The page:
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and American students in sanctioned educational contexts, Thorne (2003) found in one case study that a shift in the mediating tool from email to chat resulted in a quantitative and qualitative shift in communication patterns of two students, providing them with additional, and at times, more effective and authentic opportunities for language learning and interrelationship building. Thorne (2003) argues that in this tool shift the two students crossed a threshold in which they positioned, "themselves as insiders with a vested interest in the educational, social, and communicative activities at hand," (p. 48) allowing them to construct zones of proximal development not previously afforded in the classroom. He concludes the availability of tools and the cultural `sedimentation' they carry play a large role in the formation of communication and resulting interpersonal relationships. As cultural tools are used and reused in varying cultural contexts and resonances build, the opportunity exists for a novel and complex transformation in the intended use of the tool to take place, known as the spin-off (Wertsch, 1998) or ratchet function (Tomasello, 1999). The evolution of Twitter to date presents itself an illustrative example of a spin-off. When Twitter was first introduced it was seen more as a monologic, broadcast tool. However, users had a need for more dialogic forms of communication, so they articulated ways to respond to each other's tweets with addressivity symbols, using the @ symbol followed by a particular username (Williams, 2009). This advent, although, was not unique to Twitter, and had been previously articulated in other computer-mediated communication (CMC) settings, replete with their own cultures-of-use, such as internet relay chat. In using Twitter again and again, and carrying to each use their historical experiences with Twitter and comparable communication tools, the users repositioned not only Twitter's purpose but also its foundational communicative practices. They articulated new ways of using the tool that significantly and dramatically changed it in ways that even its inventors had not imagined, notes Twitter co-founder, Evan Williams, who credits Twitter's users for shaping how Twitter is currently and will be used in the future (Williams, 2009). Language Play & CMC Environments Despite the plentiful opportunities for ludic engagement in CMC environments (Herring, 1999; Nardi, Whittaker & Bradner, 2000) a lack of research exploring language play, adults and CMC environments persists, particularly with social media. In some of the first studies Warner (2004) explored types of language play in a Mud, object-oriented (MOO) environment, concluding that although there was no conclusive evidence of language learning through play, its ubiquitous use in the CMC setting demanded attention. In another study, Belz and Reinhardt (2004) looked at the use of language play by an advanced German student involved in a tele-collaboration project. The authors found that the language play the student used served a variety of functions, including consolidating grammar, building personal relationships and presenting a positive face in the CMC community. Although these studies have set the table for future research, they were conducted on what may be considered first-generation, or Web 1.0 technologies, such as email, chat and MOO. As far back as a decade ago, Goodwin-Jones (2003) suggested that as new internet 2.0 technologies begin to make their way into the classroom, researchers should explore how they may create new opportunities for language play. To date, however, sparse research on these new technologies and their connection to language play exists. Two noteworthy studies involve new technologies: memes and Second Life. Gawne and Vaughan (2011) explored how contributing to a popular internet meme craze, known as LOLspeak, in which people take on the role of personified cats that use non-standard grammar to communicate ludic messages, helped second language students develop their understanding of identity and grammar, such as: morphology, clause structure, orthography, lexemes, and syntax. Moreover, Liang (2012) used Second Life, an online virtual world in her class. She found that competitive, virtual role-playing helped to recreate languages and tasks by facilitating various forms of language play.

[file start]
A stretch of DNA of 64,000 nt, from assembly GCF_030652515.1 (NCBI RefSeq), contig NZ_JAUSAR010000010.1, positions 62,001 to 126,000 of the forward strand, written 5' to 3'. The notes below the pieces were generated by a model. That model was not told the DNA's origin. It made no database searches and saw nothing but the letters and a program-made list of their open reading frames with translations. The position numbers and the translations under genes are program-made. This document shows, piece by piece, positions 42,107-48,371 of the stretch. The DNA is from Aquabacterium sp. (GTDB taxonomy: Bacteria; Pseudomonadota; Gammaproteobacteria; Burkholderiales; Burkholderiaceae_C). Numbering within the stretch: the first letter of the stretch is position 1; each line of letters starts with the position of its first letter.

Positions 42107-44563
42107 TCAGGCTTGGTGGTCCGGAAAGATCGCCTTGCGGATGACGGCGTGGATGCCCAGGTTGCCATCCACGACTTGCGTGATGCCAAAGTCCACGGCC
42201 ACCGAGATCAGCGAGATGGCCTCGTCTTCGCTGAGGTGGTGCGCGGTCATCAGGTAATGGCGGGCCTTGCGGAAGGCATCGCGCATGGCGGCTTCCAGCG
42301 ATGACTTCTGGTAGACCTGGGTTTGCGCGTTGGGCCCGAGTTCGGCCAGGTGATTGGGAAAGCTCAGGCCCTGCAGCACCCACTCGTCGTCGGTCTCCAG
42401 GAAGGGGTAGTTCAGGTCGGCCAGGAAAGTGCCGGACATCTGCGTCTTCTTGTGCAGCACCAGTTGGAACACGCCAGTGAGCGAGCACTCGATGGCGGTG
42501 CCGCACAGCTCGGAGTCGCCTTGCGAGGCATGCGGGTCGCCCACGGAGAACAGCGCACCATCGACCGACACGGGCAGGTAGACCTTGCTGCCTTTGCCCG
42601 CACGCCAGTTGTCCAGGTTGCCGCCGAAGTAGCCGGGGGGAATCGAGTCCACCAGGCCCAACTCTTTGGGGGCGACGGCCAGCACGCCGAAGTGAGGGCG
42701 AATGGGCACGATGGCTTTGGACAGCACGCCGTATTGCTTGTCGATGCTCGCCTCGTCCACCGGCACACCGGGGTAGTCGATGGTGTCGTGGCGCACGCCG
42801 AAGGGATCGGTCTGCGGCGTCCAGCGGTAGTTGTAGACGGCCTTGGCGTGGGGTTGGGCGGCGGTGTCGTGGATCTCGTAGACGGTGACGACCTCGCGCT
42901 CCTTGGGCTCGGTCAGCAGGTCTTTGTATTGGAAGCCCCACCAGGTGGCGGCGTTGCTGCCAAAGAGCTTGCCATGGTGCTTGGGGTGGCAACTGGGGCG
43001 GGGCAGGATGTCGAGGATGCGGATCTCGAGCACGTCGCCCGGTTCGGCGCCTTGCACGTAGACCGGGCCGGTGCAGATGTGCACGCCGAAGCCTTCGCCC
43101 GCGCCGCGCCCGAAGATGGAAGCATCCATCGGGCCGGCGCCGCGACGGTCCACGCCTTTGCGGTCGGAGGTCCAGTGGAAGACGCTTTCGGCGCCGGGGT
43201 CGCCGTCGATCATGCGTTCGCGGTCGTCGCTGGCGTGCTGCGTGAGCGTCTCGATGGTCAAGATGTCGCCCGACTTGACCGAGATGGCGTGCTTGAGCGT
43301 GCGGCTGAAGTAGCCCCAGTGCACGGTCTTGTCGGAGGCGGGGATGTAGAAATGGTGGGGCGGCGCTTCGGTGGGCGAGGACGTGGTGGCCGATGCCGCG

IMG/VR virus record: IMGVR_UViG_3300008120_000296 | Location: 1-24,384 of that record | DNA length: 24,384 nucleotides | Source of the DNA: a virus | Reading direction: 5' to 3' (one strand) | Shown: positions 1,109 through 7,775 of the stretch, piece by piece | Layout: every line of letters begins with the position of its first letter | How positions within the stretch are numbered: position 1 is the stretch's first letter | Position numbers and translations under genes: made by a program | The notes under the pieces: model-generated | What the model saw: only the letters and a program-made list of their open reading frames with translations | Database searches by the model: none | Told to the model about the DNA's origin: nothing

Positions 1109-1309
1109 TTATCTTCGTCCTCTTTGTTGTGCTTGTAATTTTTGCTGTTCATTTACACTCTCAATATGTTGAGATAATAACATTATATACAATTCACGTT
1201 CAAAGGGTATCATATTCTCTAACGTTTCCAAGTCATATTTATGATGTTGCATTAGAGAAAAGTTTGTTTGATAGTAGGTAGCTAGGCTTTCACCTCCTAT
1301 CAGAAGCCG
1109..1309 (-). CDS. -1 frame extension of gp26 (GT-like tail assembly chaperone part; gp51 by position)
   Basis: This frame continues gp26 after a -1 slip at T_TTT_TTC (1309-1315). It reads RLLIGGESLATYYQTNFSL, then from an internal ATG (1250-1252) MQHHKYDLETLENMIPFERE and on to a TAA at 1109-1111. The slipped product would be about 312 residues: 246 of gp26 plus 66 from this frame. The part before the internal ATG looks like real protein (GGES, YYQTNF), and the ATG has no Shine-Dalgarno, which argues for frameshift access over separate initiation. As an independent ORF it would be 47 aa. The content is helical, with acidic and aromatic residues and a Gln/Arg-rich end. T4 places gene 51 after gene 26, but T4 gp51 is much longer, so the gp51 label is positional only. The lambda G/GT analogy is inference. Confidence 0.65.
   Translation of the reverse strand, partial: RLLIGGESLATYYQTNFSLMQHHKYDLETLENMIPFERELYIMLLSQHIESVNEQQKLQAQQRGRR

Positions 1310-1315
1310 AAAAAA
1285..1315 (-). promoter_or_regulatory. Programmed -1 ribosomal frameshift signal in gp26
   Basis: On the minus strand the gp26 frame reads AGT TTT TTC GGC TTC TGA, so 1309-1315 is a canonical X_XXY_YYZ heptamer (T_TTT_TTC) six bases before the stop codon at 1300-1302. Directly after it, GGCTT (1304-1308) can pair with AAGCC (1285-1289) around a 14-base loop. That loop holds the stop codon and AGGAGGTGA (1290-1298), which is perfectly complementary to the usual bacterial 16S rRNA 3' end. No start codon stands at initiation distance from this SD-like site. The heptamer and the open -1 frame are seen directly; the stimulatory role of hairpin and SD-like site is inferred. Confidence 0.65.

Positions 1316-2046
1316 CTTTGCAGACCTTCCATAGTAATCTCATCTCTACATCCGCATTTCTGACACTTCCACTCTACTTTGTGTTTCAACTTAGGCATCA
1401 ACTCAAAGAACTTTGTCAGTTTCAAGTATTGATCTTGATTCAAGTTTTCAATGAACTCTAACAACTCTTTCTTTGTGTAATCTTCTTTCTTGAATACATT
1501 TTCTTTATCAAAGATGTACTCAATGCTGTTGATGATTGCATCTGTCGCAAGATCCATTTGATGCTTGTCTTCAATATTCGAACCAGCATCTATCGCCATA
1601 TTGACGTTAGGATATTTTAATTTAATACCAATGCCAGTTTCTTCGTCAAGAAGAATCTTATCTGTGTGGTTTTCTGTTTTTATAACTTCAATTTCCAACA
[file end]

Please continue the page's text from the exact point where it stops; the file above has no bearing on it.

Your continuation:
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The Study Setting Twitter was used in a high advanced grammar class--where high advanced is the sixth of nine levels in an eighteen month intensive, academic English program hosted at a state university located in the northeastern United States. The class met for one hour and twenty minutes twice a week for seven weeks, for a total of twenty-one contact hours during the course. Eleven students plus the instructor made up the participants of the course. The instructor brought in a laptop, speakers, and projector in order for the class to have access to the internet during demonstrations and instructional activities. Outcomes and Student Learning Objectives The learning objectives for the entire course, High Advanced Grammar, were taken from the program course curriculum. Among the outcomes were: 1) to express surprise, contrast, cause/effect, and hypothetical conditions by writing complex sentences using a variety of subordinating conjunctions and 2) to use verb + preposition combinations with accurate collocation and meaning. There were five objectives for the course: 1) to learn to express surprise using although, even though and though; 2) to demonstrate contrast using while and whereas; 3) to show cause and effect using because, since, so...that; 4) to be able to describe purpose using infinitives and so that; and 5) to use frequent verb+preposition combinations, such as guilty of, apologize for, and married to. Task Students were given the option of using Twitter during our class. In considering the various ways one can interact with and view tweets, I imagined Twitter would be a useful forum for comprehensible input (Krashen, 1982), comprehensible output (Swain, 1995), and meaningful interaction (Long, 1996). Students would be able to test hypotheses by writing tweets, they would have those hypotheses confirmed or challenged through corrective feedback with me, and they would get model sentences from the other students and me to serve as comprehensible input. To provide the student with feedback, I imagined I could use the favorite and retweet features to let individual students and the whole class know that accurate grammar was used in a tweet. The reply and direct message features could be used to engage the student in various forms of corrective feedback. I introduced the optional assignment of using Twitter for getting extra practice on the first day of class. I gave a short talk on what Twitter was and an in-class demonstration of how to use it. I also provided the students with a handout (Appendix B) of how to use the various features of the Twitter application and step-by-step instructions for signing up for a Twitter account. The instructions for the task were to 1) write 70 sentences during the seven-week session, or 10 sentences per week, 2) use the grammar structures presented in class in the class in their tweets, and 3) use contexts created in class or their own life experiences to fill the content of the tweet. I then encouraged the students to check their Twitter accounts daily to read the feedback I would be providing them through the direct message, "private interaction", and the reply feature, "public interaction". Participants Based on the content of their tweets and their use of Twitter, six months after the completion of the course, three participants were selected to participate in a study about their use of Twitter (Table 1). In each case, the student has given written consent for their tweets and other information herein to be used in this article. The names of the participants have been changed.